CHICAGO—Pimps and sex traffickers in Illinois be warned: Our state laws against human trafficking are getting stronger. Over the weekend, the Illinois General Assembly passed House Bill 5278, which reforms the state’s existing human trafficking laws. New language in the bill includes “schemes or plans” and other tactics traffickers use to ensnare and control their victims (Read a fact sheet here). The bill also clarifies how fines can be collected from prostitution-related offenses and funneled into services for survivors of the sex trade. The General Assembly showed overwhelming support for this bill, which passed in the House 114-0, and in the Senate 56-0-0.
The End Demand Illinois campaign thanks State Rep. Kelly Cassidy and State Sen. Jacqueline Collins for their leadership in sponsoring this legislation. End Demand Illinois partnered with the Cook County State’s Attorney’s Office to advocate for this legislation, and we look forward to Governor Pat Quinn signing the bill into law.
Leeanna Majors, a survivor of sex trafficking in Chicago, now advocates with Chicago Coalition for the Homeless and testified on behalf of the bill. “The bill is important so that women can be empowered to make a change in their lives, and the traffickers can be held accountable,” Majors said.
“This bill strengthens Illinois law in a way that will enable prosecutors to bring more human traffickers to justice,” said Lynne Johnson, director of policy and advocacy for the Chicago Alliance Against Sexual Exploitation (CAASE).
“We would like to thank the General Assembly for supporting this legislation. For survivors of the sex trade, this is further evidence that our leaders care about them and want to hold perpetrators accountable,” said Daria Mueller, associate director of state affairs for Chicago Coalition for the Homeless. An End Demand Illinois campaign partner, CCH led the lobbying efforts in Springfield for this bill.
These reforms are needed because many traffickers in Illinois are not being held accountable for their crimes. The state’s trafficking statute has only been used in two of Illinois’ 102 counties involving an estimated 29 defendants, and most of those cases involve child victims, which means proof of overt force was not required.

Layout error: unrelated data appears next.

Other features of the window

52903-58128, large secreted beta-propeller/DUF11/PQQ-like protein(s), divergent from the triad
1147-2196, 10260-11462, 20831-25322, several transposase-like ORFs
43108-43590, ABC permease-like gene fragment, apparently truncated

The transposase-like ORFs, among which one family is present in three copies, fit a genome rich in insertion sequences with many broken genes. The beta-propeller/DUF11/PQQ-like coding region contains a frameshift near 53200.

How the bill will change Illinois’ Trafficking code:
- Clarifies the ways that a trafficker could obtain or maintain a trafficking victim to include “any scheme, plan, or pattern intended to cause the person to believe that, if the person did not perform such labor or services, that person or another person would suffer serious harm or physical restraint.” Why it matters: Once the bill is signed into law, Illinois’ trafficking code will cover tactics commonly used by traffickers, who frequently use schemes that manipulate and intimidate vulnerable people. Traffickers often don’t need to resort to overt violence that the former statutory language could have been read to require.
- Provides a definition of “serious harm” related to the trafficking victim that duplicates existing federal trafficking code language and includes “any harm, whether physical or nonphysical, including psychological, financial, or reputational.” Why it matters: In addition to physical harm, traffickers employ other types of abuse and control. The new language is more inclusive of these tactics.
- Enables law enforcement enforcing prostitution-related offenses to collect impoundment fees passed under the 2010 Safe Children Act, even if the charges were filed under a local ordinance. Why it matters: Local law enforcement often charge under local ordinances, and now these fines can become a funding source for services for survivors of the sex trade.
CAASE is the lead agency for End Demand Illinois, the first campaign in the country that strives to change state laws to hold traffickers and perpetrators accountable and to propose a network of supportive services for people impacted by the sex trade. To learn more about the campaign, visit www.enddemandillinois.org
The Chicago Alliance Against Sexual Exploitation is committed to building a global community free from sexual exploitation. It is founded on the belief that all forms of sexual exploitation – including sexual assault and the commercial sex trade – are detrimental to a healthy society and undermine the dignity of all people. To learn more, visit www.caase.org or call (773) 244-2230 ext. 3.
Chicago Coalition for the Homeless is the only non-profit in Illinois dedicated to advocating for public policies that curb and can ultimately end homelessness. CCH leads strategic campaigns, community outreach, and public policy initiatives that target the lack of affordable housing in metropolitan Chicago and across Illinois. To learn more visit www.chicagohomeless.org/.